• Estimating offshore hydrodynamics

In order to estimate offshore dynamics, it is important to first understand the oceanographic conditions that generate waves from wind in deep waters. An assessment of wind, waves, mean sea level, tides and storm surge is critical to understanding offshore hydrodynamics. The average and extreme offshore conditions for each of these variables must be assessed

  • Estimating nearshore hydrodynamics

Waves change as they travel from deep to shallow water as a result of the local bathymetry (e.g. depth profile) and coastal morphology (structural features). In nearshore environments, waves undergo refraction, dissipation, diffraction and other sources of energy transfer. Characterising nearshore wave height and energy is an important part of estimating nearshore dynamics

  • Estimating the effects of coastal habitat on hydrodynamics

Nearshore waves interact with habitats and other structures that attenuate (e.g. weaken) the waves and thereby reduce their energy. Coral reefs attenuate short waves (e.g. wind waves) as the waves break on them. Mangroves can attenuate short and long waves (e.g. storm surges)

  • Estimating flooding

After waves pass over habitats, any remaining wave energy creates onshore flooding or erosion. A key part of assessing the risk of flooding is understanding the frequency of storms in the area. Following an assessment of the storm frequency, it is important to understand topographic elevation as lower lying areas will be more susceptible to flooding. The dimensions of the low lying area in which the flood occurs is defined as the ‘flooding envelope’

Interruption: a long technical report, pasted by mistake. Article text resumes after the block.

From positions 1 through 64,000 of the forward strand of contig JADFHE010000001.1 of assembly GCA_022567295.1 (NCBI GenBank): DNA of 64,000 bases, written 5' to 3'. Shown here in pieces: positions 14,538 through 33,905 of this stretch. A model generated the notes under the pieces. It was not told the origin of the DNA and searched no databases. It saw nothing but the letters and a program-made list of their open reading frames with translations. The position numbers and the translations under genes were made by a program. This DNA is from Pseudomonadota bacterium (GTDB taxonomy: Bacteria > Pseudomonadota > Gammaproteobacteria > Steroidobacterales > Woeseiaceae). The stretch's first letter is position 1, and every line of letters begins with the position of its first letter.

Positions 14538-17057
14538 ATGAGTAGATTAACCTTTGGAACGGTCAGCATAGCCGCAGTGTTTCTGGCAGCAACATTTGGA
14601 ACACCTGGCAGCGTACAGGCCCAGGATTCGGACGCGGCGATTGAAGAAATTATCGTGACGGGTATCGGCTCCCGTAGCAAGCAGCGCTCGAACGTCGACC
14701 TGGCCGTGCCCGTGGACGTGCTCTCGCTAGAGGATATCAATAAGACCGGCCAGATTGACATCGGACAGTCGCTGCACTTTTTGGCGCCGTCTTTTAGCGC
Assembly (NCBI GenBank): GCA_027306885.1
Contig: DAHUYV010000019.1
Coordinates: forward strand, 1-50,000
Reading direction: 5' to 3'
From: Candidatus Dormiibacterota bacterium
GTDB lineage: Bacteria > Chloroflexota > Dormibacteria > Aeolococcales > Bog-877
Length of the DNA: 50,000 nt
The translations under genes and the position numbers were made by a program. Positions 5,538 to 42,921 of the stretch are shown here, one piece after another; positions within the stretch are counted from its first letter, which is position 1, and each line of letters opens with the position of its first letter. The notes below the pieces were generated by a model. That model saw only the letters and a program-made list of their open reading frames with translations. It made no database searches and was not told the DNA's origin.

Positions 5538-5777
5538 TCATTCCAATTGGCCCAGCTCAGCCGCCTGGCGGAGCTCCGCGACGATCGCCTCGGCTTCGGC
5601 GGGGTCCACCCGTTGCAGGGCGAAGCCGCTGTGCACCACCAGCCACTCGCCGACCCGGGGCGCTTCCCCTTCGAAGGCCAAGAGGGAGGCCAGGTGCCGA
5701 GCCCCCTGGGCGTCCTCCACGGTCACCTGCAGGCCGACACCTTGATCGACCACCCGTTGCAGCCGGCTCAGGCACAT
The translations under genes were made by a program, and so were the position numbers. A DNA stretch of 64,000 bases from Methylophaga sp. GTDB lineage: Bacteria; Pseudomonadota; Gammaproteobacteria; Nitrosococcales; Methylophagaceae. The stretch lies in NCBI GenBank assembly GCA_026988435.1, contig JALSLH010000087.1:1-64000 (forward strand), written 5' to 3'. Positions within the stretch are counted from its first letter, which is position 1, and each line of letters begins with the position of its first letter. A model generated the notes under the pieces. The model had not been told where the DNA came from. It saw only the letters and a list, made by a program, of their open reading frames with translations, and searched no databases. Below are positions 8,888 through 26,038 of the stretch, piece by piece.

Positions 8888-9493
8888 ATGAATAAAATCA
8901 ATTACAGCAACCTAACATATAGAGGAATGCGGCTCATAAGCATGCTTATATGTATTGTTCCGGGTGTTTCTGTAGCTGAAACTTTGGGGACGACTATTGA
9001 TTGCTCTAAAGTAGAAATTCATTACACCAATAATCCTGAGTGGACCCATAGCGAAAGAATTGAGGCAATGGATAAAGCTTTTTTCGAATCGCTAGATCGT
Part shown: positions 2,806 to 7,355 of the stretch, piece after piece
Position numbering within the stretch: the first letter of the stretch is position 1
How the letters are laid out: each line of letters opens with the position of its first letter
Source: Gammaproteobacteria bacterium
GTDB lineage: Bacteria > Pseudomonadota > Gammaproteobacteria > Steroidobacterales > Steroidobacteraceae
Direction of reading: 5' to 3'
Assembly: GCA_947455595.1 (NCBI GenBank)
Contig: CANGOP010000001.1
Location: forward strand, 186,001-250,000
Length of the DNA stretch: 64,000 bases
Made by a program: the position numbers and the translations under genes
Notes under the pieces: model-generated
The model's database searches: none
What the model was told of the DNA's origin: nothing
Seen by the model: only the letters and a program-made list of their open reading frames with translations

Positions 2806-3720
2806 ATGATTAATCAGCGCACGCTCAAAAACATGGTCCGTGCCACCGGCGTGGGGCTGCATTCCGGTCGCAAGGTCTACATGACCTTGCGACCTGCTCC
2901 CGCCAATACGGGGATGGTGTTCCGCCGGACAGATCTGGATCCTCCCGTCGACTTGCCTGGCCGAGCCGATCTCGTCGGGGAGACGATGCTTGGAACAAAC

• Assessing expected and averted damages

Assessing these damages involves calculating the number of people and assets within the flooding envelope. Once this is known, a damage function that describes the likely value of assets flooded under different storm frequencies (e.g. one in 10, and one in 100 year events) can be derived. Once this is derived, the difference in damages with and without coral reefs and mangroves can be calculated. This difference is the value of coral reefs and mangroves

Read the WAVES Report here

In reflecting on the World Bank report, I realised that I had previously only thought of coral reefs and mangroves in terms of the marine life that rely on them for survival and the economic value of the tourism they bring. This report has highlighted the need for coral reefs and mangroves to be appropriately valued for the protection they provide for coastal areas in addition to being protected to maintain habitats for the marine life that rely on them.

Including coral reefs and mangroves as part of a region’s green infrastructure not only attributes a realistic value to these areas in terms of their value to marine life and tourism but also demonstrates why their conservation must be given the highest priority. Coral reefs and mangroves are a first line of defence against storms, flooding, rising sea levels and other extreme weather events that can cause hundreds of millions or billions of dollars worth of damage and threaten people’s lives. As sea levels rise, it stands to reason that recognising the value of coral reefs and mangroves is essential to the protection of coastal communities.